eClosing, eSignatures, eCommentaries – they’re in the news. Tim Anderson, Director of eServices for DocMagic, writes, “I attended the CFPB’s eClosing Forum where DocMagic was one of the pilot participants and Director Cordray stated that eClosing is one of the key initiatives he wants to see accomplished during his tenure. If you look at the TRID requirements it also requires ‘Intent to Proceed’ at time of app, Receipt of Delivery three days prior to consumption, record retention of the CD for five years, not to mention the borrower ECOA appraisal delivery requirement to name a few. If people recall, in the initial discussions of the regulation there was also going to be a requirement to produce the new disclosures in a ‘machine readable format.’ The only reason this did not happen was that the MISMO 3.3 data spec was not out yet and FHFA is coming out with their version called the Universal Closing Dataset, (UCD). All for the benefit to electronically board and auto validate, (audit) the data file for compliance and not the paper file. Implementing a full eSign process solves all these problems. I find it almost unbelievable that still with all of this, how many are still clinging to an antiquated paper process and are now saying they are going to tack on an additional ten days to the closing date to accommodate the mail box and read rule rather than implement an electronic eSign, eConsent process that ensures a three day close.
“And let’s not forget the consumer in all of this. We have found that if offered the ability to eSign (eDisclose) documents at time of app, over 94% prefer this over paper delivery (and you certainly do not want to use unsecured email). If you look at the initial three day (72 hour) disclosure requirement, the new three days for closing (CD) is basically the same process. The consumer is already asking ‘Hey, why can’t I get my closing documents delivered fully electronic just like I did with my initial?’ All of this, and not to mention having an electronic audit trail to show proof of evidence. If this does not finally convince all lenders and title agents to get on board, I don’t know what else will. I’m sure many will finally move once the CFPB starts fining lenders for non-compliance (just like they have been on the servicing side with mods) and pay a very costly learning experience that could have been easily avoided and delivering a superior customer experience to boot.”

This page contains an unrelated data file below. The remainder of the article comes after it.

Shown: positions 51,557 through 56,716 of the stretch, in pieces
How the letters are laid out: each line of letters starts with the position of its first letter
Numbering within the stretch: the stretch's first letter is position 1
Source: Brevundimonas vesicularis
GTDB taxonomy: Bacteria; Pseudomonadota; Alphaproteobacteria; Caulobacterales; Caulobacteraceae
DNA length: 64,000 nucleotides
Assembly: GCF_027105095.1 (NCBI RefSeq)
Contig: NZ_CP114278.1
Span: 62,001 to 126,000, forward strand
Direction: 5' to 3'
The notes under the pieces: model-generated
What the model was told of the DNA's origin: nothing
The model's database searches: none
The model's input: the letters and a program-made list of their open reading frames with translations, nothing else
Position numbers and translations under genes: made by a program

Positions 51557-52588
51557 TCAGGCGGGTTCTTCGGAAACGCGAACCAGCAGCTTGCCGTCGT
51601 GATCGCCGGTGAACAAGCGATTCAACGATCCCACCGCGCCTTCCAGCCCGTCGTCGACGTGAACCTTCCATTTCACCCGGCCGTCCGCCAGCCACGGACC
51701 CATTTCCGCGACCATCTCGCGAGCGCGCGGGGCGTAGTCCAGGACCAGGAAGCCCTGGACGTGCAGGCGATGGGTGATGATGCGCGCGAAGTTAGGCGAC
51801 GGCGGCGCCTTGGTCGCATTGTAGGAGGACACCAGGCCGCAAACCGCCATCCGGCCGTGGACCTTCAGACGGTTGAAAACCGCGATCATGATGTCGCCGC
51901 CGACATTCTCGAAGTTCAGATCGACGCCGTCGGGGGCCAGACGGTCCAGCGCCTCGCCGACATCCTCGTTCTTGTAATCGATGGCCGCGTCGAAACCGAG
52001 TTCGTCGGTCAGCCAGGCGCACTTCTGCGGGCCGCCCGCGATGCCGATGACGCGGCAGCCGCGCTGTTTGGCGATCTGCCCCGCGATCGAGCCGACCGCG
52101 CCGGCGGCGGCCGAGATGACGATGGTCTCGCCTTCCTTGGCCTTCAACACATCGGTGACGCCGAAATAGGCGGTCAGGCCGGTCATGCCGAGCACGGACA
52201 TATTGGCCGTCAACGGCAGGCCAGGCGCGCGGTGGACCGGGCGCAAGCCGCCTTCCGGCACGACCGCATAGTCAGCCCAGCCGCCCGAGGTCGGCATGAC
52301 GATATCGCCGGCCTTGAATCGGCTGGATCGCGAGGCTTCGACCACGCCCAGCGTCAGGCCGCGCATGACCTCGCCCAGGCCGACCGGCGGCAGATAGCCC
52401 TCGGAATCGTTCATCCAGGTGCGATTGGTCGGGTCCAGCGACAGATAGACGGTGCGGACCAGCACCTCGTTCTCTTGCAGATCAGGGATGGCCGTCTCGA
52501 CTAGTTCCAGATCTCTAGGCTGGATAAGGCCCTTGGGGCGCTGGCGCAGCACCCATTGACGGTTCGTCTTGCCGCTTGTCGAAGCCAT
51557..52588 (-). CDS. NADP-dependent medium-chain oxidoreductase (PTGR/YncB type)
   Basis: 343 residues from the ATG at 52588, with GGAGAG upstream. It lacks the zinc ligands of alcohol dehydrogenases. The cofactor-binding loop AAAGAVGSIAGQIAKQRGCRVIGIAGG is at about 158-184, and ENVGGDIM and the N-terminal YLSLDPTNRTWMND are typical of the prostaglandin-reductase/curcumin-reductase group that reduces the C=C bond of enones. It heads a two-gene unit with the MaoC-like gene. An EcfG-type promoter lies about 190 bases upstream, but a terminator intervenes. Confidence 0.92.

Electronic signings? No so fast. This note from the Atlantic Seaboard: “Yes consumers would prefer electronic closings so they really don’t have to sign a hundred pages. Sounds great. As a near 30 year veteran of this industry and having had a number of conversations with other industry old timers, this is a recipe for disaster and one cause of the robosigning nightmare we went through – lost notes. In ten years how do you prove the signature is real? Over the past 30 years I have seen people try to have family members sign at closing. On one occasion the spouse passed away and they tried to use the brother. We could go on for hours with issues in electronic signings. Yes it’s the future but to rush blindly because a sample of people found it easy might not prove to be the best reason to toss aside some 70+ years of viable working procedures.”
And another note: “Robo-signing is not good for foreclosures or for new loan docs. No one reads anything. The CFPB is so concerned that the consumer will know what is going on and make informed decisions, then they push robo-signing where NOTHING is read. Ask any escrow person, they will tell you. The deed of trust and note must be a wet signature in my state, and the remainder of the documents can be robo-signed. It is still not a great system with too much paper. Perhaps the CFPB will come to understand that if one streamlines the regulations and paperwork, and lenders aren’t afraid to embrace it, it will help the consumer.”